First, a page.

Postoperative pain and paresthesia experienced was documented using a 10-point numeric scale. The immediate postoperative pain and paresthesia scores for the first day after surgery were recorded. For the purposes of this study, paresthesia is defined as chest wall discomforts such as "pins and needles," numbness, or bloating that the patient can distinguish in nature or site, or both, from the sharp wound pain at the incision site(s) [15]. The durations that patients required analgesics after surgery were also noted.

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A postoperative questionnaire-based, cross-sectional survey was conducted for all patients at a mean of 36 months (range, 6 to 65 months). Residual pain and paresthesia at the time of the survey was documented. Patients were asked to estimate what percentage of their preoperative level of normal daily activity could now be achieved and how long it took after surgical treatment before they able to return to work. Patients were asked to report if there was any residual impairment in their normal daily activities and whether there was any subjective improvement in functional capacity compared with the immediate preoperative period. Each patient's respiratory status was assessed using the Medical Research Council (MRC) Dyspnea score [16]. All patients were asked to rate their satisfaction with the wounds (cosmesis and pain) and with the procedure overall on a 10-point numeric scale.

Table 3. Characteristics of the Empyema

Characteristics Causative organisms Tuberculosis Staphylococcus Streptococcus Gram-negative Anaerobes Others None identified Location of empyema Left upper zone Left lower zone Right upper zone Right lower zone Loculations seen on CT Organized phaseb

a

Thoracotomy, n (%) 14 (38.9) 3 (8.3) 4 (11.1) 1 (2.8) 1 (2.8) 1 (2.8) 12 (33.3) 0 14 0 22 25 (69.4) 30 (83.3)

VATS, n (%) 11 (26.8) 6 (14.6) 4 (9.8) 2 (4.9) 0 (0) 2 (4.9) 16 (39.0) 1 16 2 22 28 (68.3) 28 (68.3)

p Value 0.221 0.168 0.877 0.438 0.075 0.438 0.067 0.389 0.265 0.42 0.586 0.555 0.103 GENERAL THORACIC

Statistical Analysis

All statistical analyses were performed using SPSS 11.0 software (SPSS, Chicago, IL). Data were expressed as mean standard deviation. The 2 test, Fisher exact test, or Student t test were used as appropriate for comparison of variables. Results were considered significant if p 0.05.

a b Organisms cultured from intraoperative specimens. Phase of empyema on histological analysis of pleual peel (according to American Thoracic Society classification).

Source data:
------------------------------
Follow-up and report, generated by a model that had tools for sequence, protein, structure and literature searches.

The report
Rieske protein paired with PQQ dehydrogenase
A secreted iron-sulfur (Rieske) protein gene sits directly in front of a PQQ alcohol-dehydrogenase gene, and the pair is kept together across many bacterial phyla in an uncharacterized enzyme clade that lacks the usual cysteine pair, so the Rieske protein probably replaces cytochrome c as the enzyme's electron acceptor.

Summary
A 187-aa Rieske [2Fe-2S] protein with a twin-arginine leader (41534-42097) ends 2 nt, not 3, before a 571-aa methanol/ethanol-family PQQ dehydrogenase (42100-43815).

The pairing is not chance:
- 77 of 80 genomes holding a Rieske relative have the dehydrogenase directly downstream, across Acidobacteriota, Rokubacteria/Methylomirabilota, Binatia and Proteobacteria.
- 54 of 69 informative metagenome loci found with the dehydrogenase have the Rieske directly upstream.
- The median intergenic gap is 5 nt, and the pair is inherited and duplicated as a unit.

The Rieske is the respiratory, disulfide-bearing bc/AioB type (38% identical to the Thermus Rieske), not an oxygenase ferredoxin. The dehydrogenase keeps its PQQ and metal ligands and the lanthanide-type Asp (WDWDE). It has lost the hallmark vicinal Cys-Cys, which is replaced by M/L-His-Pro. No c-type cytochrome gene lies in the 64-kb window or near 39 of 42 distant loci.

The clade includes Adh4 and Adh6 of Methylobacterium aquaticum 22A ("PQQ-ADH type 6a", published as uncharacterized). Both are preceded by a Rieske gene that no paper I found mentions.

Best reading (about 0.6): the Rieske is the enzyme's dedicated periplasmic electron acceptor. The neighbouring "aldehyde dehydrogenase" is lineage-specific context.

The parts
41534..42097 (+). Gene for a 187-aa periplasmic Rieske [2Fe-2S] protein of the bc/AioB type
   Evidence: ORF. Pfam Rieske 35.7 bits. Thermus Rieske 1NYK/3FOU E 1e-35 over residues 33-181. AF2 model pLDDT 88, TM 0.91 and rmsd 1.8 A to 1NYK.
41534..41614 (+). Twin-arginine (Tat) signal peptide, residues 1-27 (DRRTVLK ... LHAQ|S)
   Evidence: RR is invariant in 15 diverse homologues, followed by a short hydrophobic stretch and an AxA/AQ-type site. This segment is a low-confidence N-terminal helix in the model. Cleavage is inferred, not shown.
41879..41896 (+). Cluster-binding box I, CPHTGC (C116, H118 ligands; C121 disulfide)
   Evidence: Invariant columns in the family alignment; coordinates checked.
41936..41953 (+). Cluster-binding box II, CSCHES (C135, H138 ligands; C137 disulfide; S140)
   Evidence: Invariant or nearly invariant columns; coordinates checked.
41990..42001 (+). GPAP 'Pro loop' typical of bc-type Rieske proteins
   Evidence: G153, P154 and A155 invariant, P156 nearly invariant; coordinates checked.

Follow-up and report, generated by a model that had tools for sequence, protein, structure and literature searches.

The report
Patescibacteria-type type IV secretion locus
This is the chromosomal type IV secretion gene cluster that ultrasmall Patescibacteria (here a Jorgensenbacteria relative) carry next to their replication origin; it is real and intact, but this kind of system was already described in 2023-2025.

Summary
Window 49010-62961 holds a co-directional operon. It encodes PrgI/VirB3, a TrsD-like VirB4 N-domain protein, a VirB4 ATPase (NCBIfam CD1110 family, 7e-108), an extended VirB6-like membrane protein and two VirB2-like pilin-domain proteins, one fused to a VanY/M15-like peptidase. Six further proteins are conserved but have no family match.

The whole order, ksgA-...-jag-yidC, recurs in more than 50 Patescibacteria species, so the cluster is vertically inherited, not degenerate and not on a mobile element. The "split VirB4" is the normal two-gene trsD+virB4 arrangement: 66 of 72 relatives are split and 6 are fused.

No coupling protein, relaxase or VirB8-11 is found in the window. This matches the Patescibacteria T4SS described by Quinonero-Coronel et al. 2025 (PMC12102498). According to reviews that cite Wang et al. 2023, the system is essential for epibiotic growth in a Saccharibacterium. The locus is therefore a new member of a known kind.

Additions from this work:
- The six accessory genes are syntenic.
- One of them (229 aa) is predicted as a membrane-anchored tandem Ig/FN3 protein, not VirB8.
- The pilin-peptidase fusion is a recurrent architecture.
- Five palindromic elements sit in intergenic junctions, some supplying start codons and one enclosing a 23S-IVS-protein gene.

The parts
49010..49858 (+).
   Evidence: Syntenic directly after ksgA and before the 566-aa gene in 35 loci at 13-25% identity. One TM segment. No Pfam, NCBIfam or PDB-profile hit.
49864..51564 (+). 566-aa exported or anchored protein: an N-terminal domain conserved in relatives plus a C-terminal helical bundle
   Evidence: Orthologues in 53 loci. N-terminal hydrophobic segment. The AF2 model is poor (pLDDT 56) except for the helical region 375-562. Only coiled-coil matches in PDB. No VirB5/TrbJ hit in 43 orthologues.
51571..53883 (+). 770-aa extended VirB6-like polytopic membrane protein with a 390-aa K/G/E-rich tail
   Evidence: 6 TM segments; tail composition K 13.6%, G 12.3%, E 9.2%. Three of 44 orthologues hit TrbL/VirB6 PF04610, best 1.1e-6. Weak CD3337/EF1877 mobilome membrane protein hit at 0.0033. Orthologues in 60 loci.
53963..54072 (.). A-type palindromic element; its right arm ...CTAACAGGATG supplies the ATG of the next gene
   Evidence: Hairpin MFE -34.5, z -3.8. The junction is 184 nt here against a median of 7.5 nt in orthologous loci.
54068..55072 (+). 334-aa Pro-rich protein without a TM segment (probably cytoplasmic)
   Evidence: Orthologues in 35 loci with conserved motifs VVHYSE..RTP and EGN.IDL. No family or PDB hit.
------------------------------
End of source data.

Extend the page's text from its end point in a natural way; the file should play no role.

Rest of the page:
CT computed tomography; surgery.

VATS

video-assisted thoracic

Results

The study recruited 77 adult patients (67 men and 10 women). Of these, 41 had undergone decortication with the VATS approach, and the remaining 36 had the thoracotomy approach. Preoperative demographic and Table 2. Preoperative Demographic and Clinical Characteristics

Characteristicsa Patients (n) Mean age (years) Male History Smoking COPD DM Heart disease Renal failure Liver cirrhosis Presenting symptoms Chest pain Breathlessness Cough/sputum Constitutional symptoms Mean preoperative antibiotic duration (days)

a

clinical characteristics of all patients are summarized in Table 2. No statistical differences were noted in any of these characteristics between the two study groups. The durations between the time of diagnosis (with commencement of antibiotic treatment) and the time of operation were similar in both the VATS and thoracotomy groups. No difference was found in the anatomic and microbiologic characteristics of the empyema at the time of Table 4. Operative and Postoperative Results

Resultsa Operation time (hours) Blood loss (mL) Chest drain duration (days) Duration of air leak (days) Post-op hospital stay (days) Post-op complications Air leak 7 days Pneumonia Ventilatory support 24 hours Reexploration for bleeding Cardiac complications

a

Thoracotomy, n (%) 36 48.6 16.0 34 (94.4) 8 (22.2) 3 (8.3) 1 (2.8) 4 (11.1) 2 (5.6) 3 (8.3) 16 (44.4) 14 (38.9) 19 (52.1) 20 (55.6) 76 103.4

VATS, n (%) 41 46.1 14.7 33 (80.5) 11 (26.8) 1 (2.4) 3 (7.3) 7 (17.1) 2 (4.9) 1 (2.4) 24 (66.7) 17 (41.5) 15 (36.6) 27 (65.9) 54 90.7

p Value -- 0.506 0.321 0.305 0.482 0.618 0.528 0.642 0.335 0.257 0.818 0.153 0.335 0.059

Thoracotomy, n (%) 3.8 872 8.5 3.5 21 1.4 692.7 4.4 5.6 14.2

VATS, n (%) 2.5 881 7.9 3.1 16 0.96 1606.0 5.7 5.5 6.5

p Value 0.001 0.977 0.609 0.749 0.052

5 (13.9) 3 (8.3) 1 (2.8) 0 (0) 0 (0)

4 (9.8) 3 (7.3) 1 (2.4) 1 (2.4) 0 (0)

standard deviation.

0.573 0.868 0.926 0.346 1

Continuous data presented as mean

standard deviation. DM diabetes

COPD mellitus;

chronic obstructive pulmonary disease; VATS video-assisted thoracic surgery.

Continuous data presented as mean video-assisted thoracic surgery.

VATS

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Table 5. Radiologic Improvement Compared With Preoperative Chest Roentgenogram Using 5-Point Scale

Scorea GENERAL THORACIC Predischarge At 4-week post-op follow-up

a

Table 7. Postoperative Subjective Reporting of Functional Status

Report at Time of Surveya Perceived improvement in exercise tolerance compared with immediately before Estimated percentage of pre-op daily activities currently achievable MRC dyspnea scoreb Mean time to return to full work (months) Thoracotomy, n (%) 9 (42.9) VATS, n (%) 13 (61.9) p Value 0.357

Thoracotomy 2.69 3.48 1.0 0.9

VATS 3.18 3.9 0.9 1.0